Peering up at a giant sculpture, I often wonder: How do artists construct such massive creations? Here’s a peek at the journey, from artist’s conception to the Getty Center’s doorstep, of the larger-than-life Boy with Frog, which was installed yesterday on the museum stairs. On view through January 2012, Boy with Frog continues a series of temporary installations that have focused on contemporary art and its relationship to the Museum’s mission.
Before this powerful, inquisitive youth could plant his fiberglass feet on the travertine, Ray and expert art fabricators spent years constructing and assembling the figure to get every detail just right, from the boy’s toenails to the warts on the bullfrog.
One day a few years ago, the artist came to his friend Mark Rossi, the founder of Handmade, a facility of art fabricators, and told him he wanted to create a sculpture of a boy holding a frog.
Once the artist had the photographs he wanted of a boy holding a live amphibian, the images were scanned and a 3-D digital model was created. Ray then became a bit like a Renaissance sculptor wielding a carving tool—except, instead of a chisel, his team used modeling software to refine designs for the sculpture. The software uses a haptic interface that provides feedback via touch, and is so precise it’s also used in dental reconstruction and virtual surgery.
The next step? This digital model was used to create scale versions of the sculpture in urethane foam. Further iterations of Boy with Frog were made in different sizes and materials over the years to help Ray decide on scale and myriad other artistic details. When the artist was ready to create the final sculpture, Ray again worked with Rossi and his team of skilled fabricators. They made molds of the final pattern to create the two main components of the sculpture: fiberglass and steel.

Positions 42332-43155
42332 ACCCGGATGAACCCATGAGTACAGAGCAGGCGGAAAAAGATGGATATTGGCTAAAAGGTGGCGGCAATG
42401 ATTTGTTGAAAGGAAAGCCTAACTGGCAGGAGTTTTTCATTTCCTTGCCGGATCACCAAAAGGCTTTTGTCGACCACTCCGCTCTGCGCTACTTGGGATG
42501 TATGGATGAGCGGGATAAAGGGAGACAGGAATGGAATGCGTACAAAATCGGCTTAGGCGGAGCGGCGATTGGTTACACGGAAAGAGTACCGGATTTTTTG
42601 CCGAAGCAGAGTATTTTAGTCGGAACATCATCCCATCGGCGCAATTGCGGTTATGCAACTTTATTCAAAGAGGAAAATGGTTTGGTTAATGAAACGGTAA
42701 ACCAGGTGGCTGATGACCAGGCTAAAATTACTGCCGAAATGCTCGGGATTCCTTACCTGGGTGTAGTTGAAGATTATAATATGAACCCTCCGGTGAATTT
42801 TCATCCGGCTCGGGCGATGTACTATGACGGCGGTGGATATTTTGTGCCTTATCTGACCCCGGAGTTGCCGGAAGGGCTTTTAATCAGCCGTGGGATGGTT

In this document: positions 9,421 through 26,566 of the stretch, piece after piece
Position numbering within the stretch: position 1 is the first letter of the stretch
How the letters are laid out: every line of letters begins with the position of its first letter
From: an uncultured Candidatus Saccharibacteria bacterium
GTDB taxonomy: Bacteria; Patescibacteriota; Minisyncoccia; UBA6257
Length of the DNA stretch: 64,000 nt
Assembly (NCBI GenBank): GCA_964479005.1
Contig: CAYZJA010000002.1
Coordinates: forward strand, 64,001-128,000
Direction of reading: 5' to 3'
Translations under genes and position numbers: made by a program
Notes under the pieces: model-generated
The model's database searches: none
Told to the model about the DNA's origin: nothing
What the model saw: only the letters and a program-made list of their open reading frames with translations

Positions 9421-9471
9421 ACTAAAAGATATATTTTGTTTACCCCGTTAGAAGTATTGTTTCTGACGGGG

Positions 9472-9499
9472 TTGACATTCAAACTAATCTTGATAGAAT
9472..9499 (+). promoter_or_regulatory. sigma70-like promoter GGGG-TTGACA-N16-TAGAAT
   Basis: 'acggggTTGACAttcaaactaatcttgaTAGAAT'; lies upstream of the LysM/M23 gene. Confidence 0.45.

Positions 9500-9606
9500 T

One way to understand the Boy with Frog’s construction is from the outside looking in: Below a layer of white paint is a quarter-inch-thick layer of fiberglass, which overlays a stainless steel armature. This armature runs the full extent of the sculpture—all the way from the frog to the bottoms of each of the boy’s feet.
The particular fiberglass version of Boy with Frog installed at the Getty Center was completed in 2008 and, until recently, was a popular outdoor installation at François Pinault’s Punta della Dogana museum in Venice, Italy. A final version of the sculpture identical in scale to the one here—except cast in stainless steel—has taken the place of its predecessor in Venice.
Besides where they live and what they are made out of, what other major difference is there between the pair? Heft. The steel sculpture is 475 pounds, 300 pounds heavier than its twin.
Rossi said he’s honored to have worked on a sculpture on display at the Getty: “To be associated in some small way with that is wonderful.”